What is difference between "Acquittal" and "Not found guilty" in DV cases ?

Asked about 1 year ago - Santa Cruz, CA

What is difference between "Acquittal" and "Not found guilty" in DV cases ? What are scenarios which lead to Acquittal rather than not guilty. How both affect the life of individual ?

Additional information

If both are same thing - why they do not consider it as "case dismissed"

Can only Jury do the acquittal or jude can also do that if there are not sufficient proof to prosecute ?

Attorney answers (7)

  1. John M. Kaman

    Pro

    Contributor Level 20

    16

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    Answered . Acquitted and not guilty mean the same thing: that the state has not met its burden of proof. Neither is an indication of innocence. Practically speaking however acquitted or not guilty will be regarded by most people and employers as an exoneration of the charges.

  2. Izaak David Schwaiger

    Contributor Level 9

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    Best Answer
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    Answered . Acquittal and NG are just different words for the same thing. It means the evidence was presented and fell short. Case dismissed means someone (the prosecutor or the judge) decided that for whatever reason a case should not be prosecuted. Common reasons could be "in the interests of justice" or "insufficiency of the evidence." The key difference is that an acquittal or NG means that the government put the evidence on and still failed to meet their burden of proof. A dismissal just means there's no longer a case. It doesn't speak at all to the quality of the government's case against you.

    I probably dismissed hundreds of cases in my career as a prosecutor. Many of those dismissals had nothing to do with whether a person was guilty or not. So as far as I'm concerned, an acquittal/NG is more desirable. It doesn't say a person is innocent, but it shows you fought the charges and won. As far as how they affect your life? In small ways. The arrest may still show up on background checks, but there won't be a record of conviction. Be prepared to give employers an explanation. "I was acquitted of the charges" sounds pretty powerful if you ask me.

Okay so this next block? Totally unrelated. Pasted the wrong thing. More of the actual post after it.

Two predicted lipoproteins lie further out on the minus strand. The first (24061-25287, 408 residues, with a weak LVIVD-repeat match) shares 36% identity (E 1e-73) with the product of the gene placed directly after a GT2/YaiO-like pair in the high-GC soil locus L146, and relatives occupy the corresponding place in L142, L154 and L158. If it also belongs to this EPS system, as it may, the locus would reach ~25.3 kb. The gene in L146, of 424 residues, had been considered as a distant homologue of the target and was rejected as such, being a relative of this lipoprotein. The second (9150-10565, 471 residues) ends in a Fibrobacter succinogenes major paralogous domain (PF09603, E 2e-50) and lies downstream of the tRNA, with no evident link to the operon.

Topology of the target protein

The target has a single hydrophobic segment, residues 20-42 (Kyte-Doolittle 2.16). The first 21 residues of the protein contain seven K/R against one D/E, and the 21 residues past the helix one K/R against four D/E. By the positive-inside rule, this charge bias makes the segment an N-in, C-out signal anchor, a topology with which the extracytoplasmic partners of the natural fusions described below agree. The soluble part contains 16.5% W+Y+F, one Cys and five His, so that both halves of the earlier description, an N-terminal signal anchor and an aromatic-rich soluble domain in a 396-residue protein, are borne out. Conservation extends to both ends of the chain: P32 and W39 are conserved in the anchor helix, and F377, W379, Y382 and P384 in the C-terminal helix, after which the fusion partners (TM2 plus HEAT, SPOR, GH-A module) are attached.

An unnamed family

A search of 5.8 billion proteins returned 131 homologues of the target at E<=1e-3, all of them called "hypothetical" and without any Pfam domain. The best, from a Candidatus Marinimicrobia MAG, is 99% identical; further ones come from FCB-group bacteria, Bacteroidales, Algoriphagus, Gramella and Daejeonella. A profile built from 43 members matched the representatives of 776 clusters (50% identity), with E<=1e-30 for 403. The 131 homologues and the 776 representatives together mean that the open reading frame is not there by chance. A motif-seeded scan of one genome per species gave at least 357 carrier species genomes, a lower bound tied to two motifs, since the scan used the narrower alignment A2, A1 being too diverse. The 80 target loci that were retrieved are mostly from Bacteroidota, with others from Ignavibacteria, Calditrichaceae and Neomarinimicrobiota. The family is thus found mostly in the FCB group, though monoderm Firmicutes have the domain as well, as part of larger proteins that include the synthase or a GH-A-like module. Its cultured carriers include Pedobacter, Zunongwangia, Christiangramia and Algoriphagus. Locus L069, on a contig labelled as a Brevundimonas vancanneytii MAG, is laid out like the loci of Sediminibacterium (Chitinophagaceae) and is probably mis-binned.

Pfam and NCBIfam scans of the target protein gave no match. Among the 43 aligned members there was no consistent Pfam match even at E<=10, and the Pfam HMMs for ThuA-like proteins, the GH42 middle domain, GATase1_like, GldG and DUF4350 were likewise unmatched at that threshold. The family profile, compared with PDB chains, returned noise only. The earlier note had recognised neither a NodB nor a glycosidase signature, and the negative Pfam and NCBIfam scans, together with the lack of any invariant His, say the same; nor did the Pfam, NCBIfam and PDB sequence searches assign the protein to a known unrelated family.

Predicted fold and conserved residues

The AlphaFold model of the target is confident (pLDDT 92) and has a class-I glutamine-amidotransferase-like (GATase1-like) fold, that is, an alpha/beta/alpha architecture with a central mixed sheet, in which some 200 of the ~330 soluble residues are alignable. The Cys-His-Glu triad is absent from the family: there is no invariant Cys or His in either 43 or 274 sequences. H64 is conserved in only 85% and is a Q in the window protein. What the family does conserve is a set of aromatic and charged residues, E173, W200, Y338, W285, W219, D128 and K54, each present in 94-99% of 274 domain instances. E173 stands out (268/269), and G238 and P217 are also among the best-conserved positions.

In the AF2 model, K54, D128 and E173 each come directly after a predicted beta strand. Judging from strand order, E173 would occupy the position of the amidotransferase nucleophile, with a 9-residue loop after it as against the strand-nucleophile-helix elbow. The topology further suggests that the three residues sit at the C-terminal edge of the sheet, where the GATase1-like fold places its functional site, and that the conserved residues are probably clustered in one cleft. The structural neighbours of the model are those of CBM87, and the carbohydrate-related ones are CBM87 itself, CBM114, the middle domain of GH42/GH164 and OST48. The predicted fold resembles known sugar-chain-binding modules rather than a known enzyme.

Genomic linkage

Most people who get involved in the criminal justice system don't have to worry about the difference. For MOST people, this is like choosing between having a chocolate sundae and a cherry one. Your choices are both good, and anybody should be happy to end up with either.

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  3. James E Dunn

    Pro

    Contributor Level 11

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    Answered . To be "acquitted" means that there has been a finding that the government has not met its burden of proof, and a judgment of "not guilty" is entered into the record. This can happen by a stipulation, but that is rare, or it can happen by a judicial order after a motion by the defense. But most commonly, an "acquitta"l means a jury has returned a verdict of "not guilty".

  4. Michael Moshe Levin

    Contributor Level 15

    11

    Lawyers agree

    Answered . Same thing.

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  5. Vijay Dinakar

    Pro

    Contributor Level 17

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    1

    Answered . An acquittal occurs when the jury (in a jury trial) or a judge (in a bench trial) finds a defendant not guilty. The jury or judge is supposed to find a defendant not guilty when government has not proved each and every element of the crime. Analogically speaking, not guilty is to acquittal as guilty is to conviction (leaving aside post conviction dismissals or appellate overturning of convictions, etc for simplicity sake).

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  6. Dan Eugene Chambers

    Contributor Level 20

    8

    Lawyers agree

    Answered . There is no meaningful legal difference between the two charges.

  7. Kiarash Feyzjou

    Pro

    Contributor Level 12

    5

    Lawyers agree

    Answered . As others have indicated, they mean the same thing. A Judge can always dismiss a case pursuant to Penal Code 1385 in the interests of justice, but those types of dismissals are done in situations where it is deemed appropriate.

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